WASHINGTON, July 5, 2012 – Frank Mitloehner, the California-Davis air quality expert who challenged a 2006 UN Food and Agricultural Organization (FAO) report that wildly exaggerated the environmental impact of livestock, has been named chairman of an FAO-led partnership that will improve how environmental impacts of the livestock industry are measured and assessed.

“This is a vital and necessary first step in improving the sustainability of this important food production sector,” says Mitloehner, an associate professor and air quality extension specialist in the Department of Animal Science at Davis. FAO announced the partnership July 4 along with the American Feed Industry Association (AFIA), the International Feed Industry Federation (IFIF) and the European Compound Feed Manufacturers’ Federation (FEFAC).

Mitloehner gained a wide following in 2009 when he faulted the assertion in an FAO report, “Livestock’s Long Shadow,” that livestock emitted more greenhouse gases (GHGs)than transportation. After he pointed out an error in calculation, FAO authors retracted the claim but critics of modern agriculture have continued to parrot the idea that cattle cause global warming.

“We need to convince our people here that what they have in their heads is not sound science, but rather the imagination of some activists,” he said last year. “Livestock production in the U.S. is a model for the rest of the world in terms of efficiency” and increasing protein production.

In their announcement, the feed industry trade associations said that animal products “make a crucial contribution to the economic and nutritional wellbeing of millions of people around the world – particularly in developing countries.” FAO estimates that meat consumption will to rise nearly 73 percent by 2050 and dairy consumption will grow 58 percent over current levels.

Mitloehner said that the FAO offer to cooperate with the private sector, governments and civil society groups would “help bring about a robust, harmonized methodological approach on measuring GHG emission linked to livestock production, which would be a tremendous step forward in helping feed companies to develop credible and consistent calculation tools.”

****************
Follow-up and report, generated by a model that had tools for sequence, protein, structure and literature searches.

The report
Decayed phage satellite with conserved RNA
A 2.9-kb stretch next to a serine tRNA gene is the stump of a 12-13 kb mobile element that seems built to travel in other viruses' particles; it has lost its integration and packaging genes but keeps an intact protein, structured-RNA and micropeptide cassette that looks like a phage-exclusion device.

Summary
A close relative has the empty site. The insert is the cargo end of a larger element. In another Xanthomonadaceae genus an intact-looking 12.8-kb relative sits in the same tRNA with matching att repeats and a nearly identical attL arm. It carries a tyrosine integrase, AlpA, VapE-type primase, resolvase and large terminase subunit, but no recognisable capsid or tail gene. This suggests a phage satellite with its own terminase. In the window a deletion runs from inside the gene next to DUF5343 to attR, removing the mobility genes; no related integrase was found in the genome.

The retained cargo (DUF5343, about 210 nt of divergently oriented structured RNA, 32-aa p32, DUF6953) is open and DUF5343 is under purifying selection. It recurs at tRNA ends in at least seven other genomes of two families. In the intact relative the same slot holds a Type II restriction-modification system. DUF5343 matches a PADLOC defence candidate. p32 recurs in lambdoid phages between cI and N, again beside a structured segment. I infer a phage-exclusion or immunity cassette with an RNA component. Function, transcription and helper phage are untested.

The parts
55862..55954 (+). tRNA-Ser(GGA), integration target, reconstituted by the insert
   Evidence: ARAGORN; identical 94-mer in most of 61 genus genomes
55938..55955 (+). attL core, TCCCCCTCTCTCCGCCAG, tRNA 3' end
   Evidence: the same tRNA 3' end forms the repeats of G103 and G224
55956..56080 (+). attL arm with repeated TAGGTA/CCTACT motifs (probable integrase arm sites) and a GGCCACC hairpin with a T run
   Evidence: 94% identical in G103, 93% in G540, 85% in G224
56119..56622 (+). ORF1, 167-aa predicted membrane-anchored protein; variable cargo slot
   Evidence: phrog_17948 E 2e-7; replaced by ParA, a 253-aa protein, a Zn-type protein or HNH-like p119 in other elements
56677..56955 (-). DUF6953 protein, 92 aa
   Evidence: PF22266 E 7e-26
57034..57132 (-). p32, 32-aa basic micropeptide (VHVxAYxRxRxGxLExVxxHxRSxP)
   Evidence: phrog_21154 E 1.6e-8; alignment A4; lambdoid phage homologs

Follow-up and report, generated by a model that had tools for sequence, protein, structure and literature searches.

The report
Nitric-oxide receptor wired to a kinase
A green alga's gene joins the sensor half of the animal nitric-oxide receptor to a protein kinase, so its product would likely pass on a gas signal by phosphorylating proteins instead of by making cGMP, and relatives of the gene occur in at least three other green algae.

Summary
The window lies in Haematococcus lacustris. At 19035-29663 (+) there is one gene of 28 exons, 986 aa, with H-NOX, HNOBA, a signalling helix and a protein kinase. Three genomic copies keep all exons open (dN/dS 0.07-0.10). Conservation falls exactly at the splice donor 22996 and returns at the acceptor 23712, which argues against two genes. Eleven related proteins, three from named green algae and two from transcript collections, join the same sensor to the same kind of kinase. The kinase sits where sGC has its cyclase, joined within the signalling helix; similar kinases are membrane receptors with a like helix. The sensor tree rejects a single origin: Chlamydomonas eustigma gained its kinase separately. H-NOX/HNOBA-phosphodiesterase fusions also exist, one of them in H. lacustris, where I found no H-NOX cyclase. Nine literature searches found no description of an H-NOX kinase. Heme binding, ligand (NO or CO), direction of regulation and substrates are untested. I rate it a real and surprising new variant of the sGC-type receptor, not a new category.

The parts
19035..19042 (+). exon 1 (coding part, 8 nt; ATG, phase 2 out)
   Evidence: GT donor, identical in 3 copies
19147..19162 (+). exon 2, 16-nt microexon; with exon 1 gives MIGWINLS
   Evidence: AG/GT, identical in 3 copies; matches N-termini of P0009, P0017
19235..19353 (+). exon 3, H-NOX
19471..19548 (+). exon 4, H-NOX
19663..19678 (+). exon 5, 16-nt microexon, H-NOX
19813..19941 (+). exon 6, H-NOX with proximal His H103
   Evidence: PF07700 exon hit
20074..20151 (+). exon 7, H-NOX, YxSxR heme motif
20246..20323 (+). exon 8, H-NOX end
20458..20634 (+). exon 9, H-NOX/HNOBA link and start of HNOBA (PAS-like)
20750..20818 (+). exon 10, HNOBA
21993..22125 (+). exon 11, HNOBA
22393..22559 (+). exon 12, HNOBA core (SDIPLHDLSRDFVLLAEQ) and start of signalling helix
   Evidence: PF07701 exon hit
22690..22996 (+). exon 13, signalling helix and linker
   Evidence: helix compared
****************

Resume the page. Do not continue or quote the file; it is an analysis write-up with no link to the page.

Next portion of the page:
AFIA President and CEO Joel Newman said the feed industry proposed to set up a life cycle analysis (LCA) database for animal feed ingredients that would make a key contribution to improve the overall data quality in present LCA analysis. Because many different methods now are used to measure environmental impacts of animal raising, it’s difficult to compare results and set priorities for the continuous improvement of environmental performance along supply chains.

The initial three-year phase of the project hopes to reach agreement on science-based methods and guidelines to quantify livestock’s carbon footprint, create a database of GHG emission factors generated in production animal feed, developing a methodology for measuring other important environmental impacts such as water consumption and nutrient losses, and launch a communications campaign to promote use of the partnership’s methodologies and findings.

Mitloehner provided background for a Council on Agricultural Science and Technology paper Mitloehner last year that describes the impact of livestock and on quality. See http://www.cast-science.org/news/index.cfm/new_air_issues_presentation_available_now_on_video?show=news&newsID=11735


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